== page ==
This section is from the "Henley's Twentieth Century Formulas Recipes Processes" encyclopedia, by Norman W. Henley and others.
An easy method of removing grease spots consists in immersing the separable parts for several hours in a warm lye, heated to about 70° C. (158° F.), said lye to be made of 9 parts of caustic soda and 180 parts of water. These pieces, together with the fixed parts of the stove, may be well brushed with this lye and afterwards rinsed in clean, warm water. The grease will be dissolved, and the stove restored almost to its original state.
Make rotten stone into a stiff, paste with soft soap and water. Rub on with a woolen rag, and polish with dry whiting and rotten stone. Finish with a leather and dry whiting. Many of the substances and mixtures used to clean brass will effectively clean copper. Oxalic acid is said to be the best medium for cleaning copper, but after using it the surface of the copper must be well washed, dried, and then rubbed with sweet oil and tripoli, or some other polishing agent. Otherwise the metal will soon tarnish again.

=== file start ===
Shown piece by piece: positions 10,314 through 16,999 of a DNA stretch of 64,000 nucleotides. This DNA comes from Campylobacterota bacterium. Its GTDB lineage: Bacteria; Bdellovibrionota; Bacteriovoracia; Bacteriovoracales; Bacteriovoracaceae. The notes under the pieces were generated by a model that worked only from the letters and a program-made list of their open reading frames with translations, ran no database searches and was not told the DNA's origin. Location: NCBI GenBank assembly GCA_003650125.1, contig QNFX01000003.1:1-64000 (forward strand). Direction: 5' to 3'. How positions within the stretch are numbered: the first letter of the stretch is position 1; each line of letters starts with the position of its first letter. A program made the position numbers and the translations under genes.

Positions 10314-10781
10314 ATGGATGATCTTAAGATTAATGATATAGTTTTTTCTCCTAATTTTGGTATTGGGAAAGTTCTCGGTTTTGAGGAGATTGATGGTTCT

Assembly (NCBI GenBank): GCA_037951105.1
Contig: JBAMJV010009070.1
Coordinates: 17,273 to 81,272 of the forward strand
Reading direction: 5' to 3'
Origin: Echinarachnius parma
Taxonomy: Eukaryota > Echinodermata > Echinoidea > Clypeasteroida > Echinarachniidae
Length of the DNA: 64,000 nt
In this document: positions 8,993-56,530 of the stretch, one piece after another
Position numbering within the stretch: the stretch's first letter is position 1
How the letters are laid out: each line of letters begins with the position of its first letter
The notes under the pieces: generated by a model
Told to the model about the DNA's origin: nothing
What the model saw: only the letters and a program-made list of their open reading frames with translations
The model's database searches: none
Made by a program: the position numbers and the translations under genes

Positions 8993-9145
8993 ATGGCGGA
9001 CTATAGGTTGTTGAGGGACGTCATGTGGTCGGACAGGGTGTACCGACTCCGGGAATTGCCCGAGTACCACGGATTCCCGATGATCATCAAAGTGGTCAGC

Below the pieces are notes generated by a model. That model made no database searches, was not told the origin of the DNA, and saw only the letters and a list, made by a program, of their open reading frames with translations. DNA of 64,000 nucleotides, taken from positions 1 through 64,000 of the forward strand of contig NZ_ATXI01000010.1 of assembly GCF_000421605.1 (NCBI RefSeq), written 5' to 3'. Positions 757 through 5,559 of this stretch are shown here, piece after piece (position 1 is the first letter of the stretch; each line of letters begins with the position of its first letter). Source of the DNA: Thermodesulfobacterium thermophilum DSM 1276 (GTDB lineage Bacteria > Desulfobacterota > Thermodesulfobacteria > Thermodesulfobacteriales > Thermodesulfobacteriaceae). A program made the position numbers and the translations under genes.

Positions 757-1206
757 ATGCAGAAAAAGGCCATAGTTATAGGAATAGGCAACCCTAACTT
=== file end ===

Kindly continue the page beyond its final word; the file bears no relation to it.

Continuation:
The rust must first be thoroughly removed with a steel-wire brush. When this is done apply one or two coats of red lead or graphite paint. After this priming has become hard, paint with double-burnt lampblack and equal parts of oil of turpentine and varnish. This coating is followed by one of lampblack ground with coach varnish. Now paint the sin-
gle portions with "mixtion" (gilding oil) and gild as usual. Such crosses look better when they are not altogether black. Ornaments may be very well treated in colors with oil paint and then varnished. The crosses treated in this manner are preserved for many years, but it is essential to use good exterior or coach varnish for varnishing, and not the so-called black varnish, which is mostly composed of asphalt or tar.
The brown film which forms on low-quality gold articles is removed by coating with fuming hydrochloric acid, whereupon they are brushed off with Vienna lime and petroleum. Finally, clean the objects with benzine, rinse again in pure benzine, and dry in sawdust.
Clean the bronze with soft soap; next wash it in plenty of water; wipe, let dry, and apply light encaustic mixture composed of spirit of turpentine in which a small quantity of yellow wax has been dissolved. The encaustic is spread by means of a linen or woolen wad. For gilt bronze, add 1 spoonful of alkali to 3 spoonfuls of water and rub the article with this by means of a ball of wadding. Next wipe with a clean chamois, similar to that employed in silvering.